Trudeau breaks promise on reforming Canada's voting system
Canadian Prime Minister Justin Trudeau has broken his promise to change the country's voting system.
The commitment to get rid of Canada's federal first-past-the-post electoral system was one of his primary election promises.
Opposition parties called the move "cynical and jaded".
Trudeau's Liberal government said the move was made because Canadians were undecided about what kind of voting system they would like to have instead.
"It has become evident that the broad support needed for a change of this magnitude, did not exist," said Minister of Democratic Institutions Karina Gould.
It was a major and surprise reversal for the Trudeau government, which has spent months consulting with Canadians on possible changes to how they elect their federal government, from ranked ballots to proportional representation and online or mandatory voting.
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The first-past-the-post voting system, which is also used to elect the UK Parliament, tends to favour larger established parties. Under the system, whoever has the most votes wins their district, regardless of whether they win a majority.
In 2011, the UK voted against moving to an alternative voting system in a nationwide referendum.
In the 2015 election, the Liberals won a majority of seats in Parliament with just 40% of the vote.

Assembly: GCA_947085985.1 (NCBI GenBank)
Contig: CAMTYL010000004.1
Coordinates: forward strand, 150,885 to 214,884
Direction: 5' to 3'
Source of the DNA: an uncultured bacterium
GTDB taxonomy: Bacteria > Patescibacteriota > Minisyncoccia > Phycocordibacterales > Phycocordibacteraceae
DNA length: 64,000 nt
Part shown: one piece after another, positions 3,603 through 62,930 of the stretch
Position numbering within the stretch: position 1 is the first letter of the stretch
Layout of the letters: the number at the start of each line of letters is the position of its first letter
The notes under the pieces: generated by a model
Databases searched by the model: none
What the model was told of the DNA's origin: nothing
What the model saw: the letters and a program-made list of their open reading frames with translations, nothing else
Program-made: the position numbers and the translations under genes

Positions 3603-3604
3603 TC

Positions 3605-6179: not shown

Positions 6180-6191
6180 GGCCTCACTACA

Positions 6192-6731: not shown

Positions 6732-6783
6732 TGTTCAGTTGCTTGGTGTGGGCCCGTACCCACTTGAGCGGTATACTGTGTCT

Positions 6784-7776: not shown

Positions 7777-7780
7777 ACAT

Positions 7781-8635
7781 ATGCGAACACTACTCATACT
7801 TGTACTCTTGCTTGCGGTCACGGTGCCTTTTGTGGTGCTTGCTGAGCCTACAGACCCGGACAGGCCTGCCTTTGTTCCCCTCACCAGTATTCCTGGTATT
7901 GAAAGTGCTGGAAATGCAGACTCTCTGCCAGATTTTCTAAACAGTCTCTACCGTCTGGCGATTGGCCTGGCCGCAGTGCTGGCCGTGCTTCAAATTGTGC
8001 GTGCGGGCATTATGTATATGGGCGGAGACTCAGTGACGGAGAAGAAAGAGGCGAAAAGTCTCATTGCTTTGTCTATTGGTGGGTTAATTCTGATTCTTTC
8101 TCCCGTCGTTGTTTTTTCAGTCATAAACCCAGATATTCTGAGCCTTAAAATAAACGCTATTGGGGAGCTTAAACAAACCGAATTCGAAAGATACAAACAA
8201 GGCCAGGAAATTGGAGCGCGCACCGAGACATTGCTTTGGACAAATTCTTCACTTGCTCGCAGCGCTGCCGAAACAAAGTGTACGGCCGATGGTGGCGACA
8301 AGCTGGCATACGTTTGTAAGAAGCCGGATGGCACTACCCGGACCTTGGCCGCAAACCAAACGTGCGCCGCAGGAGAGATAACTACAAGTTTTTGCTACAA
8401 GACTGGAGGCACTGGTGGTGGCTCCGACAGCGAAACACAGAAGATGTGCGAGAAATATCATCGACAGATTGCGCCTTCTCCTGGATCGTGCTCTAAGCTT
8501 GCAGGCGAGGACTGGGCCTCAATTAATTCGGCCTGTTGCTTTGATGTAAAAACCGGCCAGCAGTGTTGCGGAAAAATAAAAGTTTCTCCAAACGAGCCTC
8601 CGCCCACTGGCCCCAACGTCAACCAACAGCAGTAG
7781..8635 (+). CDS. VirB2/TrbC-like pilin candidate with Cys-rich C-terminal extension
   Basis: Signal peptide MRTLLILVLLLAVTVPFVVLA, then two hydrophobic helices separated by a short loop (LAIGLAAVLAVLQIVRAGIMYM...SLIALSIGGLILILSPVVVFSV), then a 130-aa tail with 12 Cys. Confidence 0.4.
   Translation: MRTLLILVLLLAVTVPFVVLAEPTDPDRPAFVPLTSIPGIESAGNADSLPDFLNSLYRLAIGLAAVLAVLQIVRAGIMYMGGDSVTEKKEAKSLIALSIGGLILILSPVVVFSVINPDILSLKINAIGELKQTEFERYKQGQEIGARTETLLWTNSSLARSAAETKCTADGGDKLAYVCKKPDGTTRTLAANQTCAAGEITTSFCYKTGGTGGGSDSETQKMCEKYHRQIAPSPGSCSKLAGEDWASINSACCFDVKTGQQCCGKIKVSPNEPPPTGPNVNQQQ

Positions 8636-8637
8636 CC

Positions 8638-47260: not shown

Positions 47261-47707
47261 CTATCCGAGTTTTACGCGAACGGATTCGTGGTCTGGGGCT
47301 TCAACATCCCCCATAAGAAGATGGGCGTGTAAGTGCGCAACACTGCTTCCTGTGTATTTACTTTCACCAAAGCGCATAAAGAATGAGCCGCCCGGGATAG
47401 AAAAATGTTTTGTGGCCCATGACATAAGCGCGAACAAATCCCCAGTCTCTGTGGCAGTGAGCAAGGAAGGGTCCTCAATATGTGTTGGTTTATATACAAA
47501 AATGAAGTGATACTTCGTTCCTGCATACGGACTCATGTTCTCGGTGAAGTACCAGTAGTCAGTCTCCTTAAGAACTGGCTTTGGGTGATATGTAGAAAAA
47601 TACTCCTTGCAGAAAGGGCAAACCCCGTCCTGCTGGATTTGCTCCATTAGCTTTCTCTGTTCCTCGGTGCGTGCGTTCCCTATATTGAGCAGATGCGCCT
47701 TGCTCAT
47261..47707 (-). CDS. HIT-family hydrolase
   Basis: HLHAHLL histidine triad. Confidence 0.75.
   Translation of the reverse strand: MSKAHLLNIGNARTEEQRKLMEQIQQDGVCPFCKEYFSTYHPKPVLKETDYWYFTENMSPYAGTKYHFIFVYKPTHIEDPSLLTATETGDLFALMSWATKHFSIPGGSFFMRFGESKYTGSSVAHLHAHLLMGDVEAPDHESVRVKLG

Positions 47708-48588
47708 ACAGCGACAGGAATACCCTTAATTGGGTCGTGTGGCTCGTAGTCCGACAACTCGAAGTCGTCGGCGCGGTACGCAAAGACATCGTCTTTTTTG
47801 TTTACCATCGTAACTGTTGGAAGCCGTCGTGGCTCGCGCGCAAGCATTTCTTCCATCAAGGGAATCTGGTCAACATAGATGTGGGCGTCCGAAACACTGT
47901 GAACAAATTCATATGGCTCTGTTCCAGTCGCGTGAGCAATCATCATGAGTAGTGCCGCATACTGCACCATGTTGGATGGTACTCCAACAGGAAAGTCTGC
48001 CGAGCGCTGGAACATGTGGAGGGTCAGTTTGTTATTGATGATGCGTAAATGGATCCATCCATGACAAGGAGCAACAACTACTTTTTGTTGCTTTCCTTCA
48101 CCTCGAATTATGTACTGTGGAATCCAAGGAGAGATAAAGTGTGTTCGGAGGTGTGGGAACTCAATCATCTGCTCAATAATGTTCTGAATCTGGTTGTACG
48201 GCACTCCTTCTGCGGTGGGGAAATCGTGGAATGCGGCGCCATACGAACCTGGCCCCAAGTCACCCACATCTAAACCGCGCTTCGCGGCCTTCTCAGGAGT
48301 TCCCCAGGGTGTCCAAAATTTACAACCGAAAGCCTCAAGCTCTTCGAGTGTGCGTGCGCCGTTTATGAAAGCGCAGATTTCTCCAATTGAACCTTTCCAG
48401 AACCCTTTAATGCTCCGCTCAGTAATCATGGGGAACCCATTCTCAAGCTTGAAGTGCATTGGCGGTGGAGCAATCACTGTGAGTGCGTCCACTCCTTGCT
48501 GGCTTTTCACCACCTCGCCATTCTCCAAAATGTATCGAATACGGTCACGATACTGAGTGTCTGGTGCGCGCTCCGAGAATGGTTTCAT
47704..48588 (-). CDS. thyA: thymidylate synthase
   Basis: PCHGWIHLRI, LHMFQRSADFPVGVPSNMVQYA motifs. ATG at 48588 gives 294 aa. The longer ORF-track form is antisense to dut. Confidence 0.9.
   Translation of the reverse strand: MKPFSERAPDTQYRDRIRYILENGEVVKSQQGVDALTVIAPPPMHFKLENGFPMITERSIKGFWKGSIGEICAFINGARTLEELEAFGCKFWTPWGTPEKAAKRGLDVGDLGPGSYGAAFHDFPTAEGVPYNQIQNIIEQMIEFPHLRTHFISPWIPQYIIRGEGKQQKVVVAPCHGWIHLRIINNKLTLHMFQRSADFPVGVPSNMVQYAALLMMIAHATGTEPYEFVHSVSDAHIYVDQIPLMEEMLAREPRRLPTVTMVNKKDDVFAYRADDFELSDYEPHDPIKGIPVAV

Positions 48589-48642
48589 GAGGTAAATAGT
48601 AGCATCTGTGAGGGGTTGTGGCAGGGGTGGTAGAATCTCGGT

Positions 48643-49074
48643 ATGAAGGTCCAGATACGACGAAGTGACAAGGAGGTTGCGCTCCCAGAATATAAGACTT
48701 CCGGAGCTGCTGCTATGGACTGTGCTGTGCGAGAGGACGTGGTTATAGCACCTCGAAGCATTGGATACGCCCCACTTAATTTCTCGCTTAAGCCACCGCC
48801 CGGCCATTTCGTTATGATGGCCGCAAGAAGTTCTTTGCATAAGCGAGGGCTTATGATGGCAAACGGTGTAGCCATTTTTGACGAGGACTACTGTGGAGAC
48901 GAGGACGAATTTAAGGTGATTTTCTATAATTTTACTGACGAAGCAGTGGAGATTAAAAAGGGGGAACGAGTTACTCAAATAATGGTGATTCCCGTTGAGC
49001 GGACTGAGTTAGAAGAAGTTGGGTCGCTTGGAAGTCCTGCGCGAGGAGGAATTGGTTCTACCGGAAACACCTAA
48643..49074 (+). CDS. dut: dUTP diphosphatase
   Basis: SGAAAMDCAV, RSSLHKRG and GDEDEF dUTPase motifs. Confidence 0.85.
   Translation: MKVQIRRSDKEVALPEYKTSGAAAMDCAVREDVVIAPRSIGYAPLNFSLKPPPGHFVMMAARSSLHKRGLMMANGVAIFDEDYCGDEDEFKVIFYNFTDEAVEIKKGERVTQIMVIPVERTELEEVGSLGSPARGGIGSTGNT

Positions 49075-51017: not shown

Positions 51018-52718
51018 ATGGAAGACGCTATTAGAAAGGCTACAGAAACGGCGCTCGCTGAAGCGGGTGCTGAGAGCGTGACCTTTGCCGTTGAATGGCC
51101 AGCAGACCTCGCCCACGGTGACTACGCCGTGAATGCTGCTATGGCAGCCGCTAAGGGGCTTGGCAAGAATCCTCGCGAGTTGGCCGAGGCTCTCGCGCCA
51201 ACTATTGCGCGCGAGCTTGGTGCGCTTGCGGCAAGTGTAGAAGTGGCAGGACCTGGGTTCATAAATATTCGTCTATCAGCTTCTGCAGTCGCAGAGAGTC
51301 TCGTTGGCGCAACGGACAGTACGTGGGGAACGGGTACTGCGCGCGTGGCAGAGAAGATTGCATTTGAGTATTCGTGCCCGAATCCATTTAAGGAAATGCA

During the campaign, before his party had secured its victory, Trudeau had promised that "2015 will be the last federal election conducted under the first-past-the-post voting system".
The change of heart has been described as "absolute cynicism" by members of the opposition.
"They're fearful of having a voting system that doesn't keep Liberals in power forever more," said NDP MP Nathan Cullen, who was on a cross-party committee charged with investigating what kind of voting system Canadians would prefer.
In December, the committee reported that Canadians want the government get rid of first-past-the-post, but did not recommend a specific system to replace it. The committee was divided on whether a referendum needed to be held in order to change the system.
Minister Gould cited this lack of direction as a sign that there was not broad consensus on the issue.
She also pointed to the results of an online government survey launched in December that was widely ridiculed on social media.
The survey did not ask if people wanted a referendum on electoral reform, and people accused it of being misleading and confusing.
"We took the time, we consulted and we listened," Minister Gould said. "There isn't a consensus on how to move forward."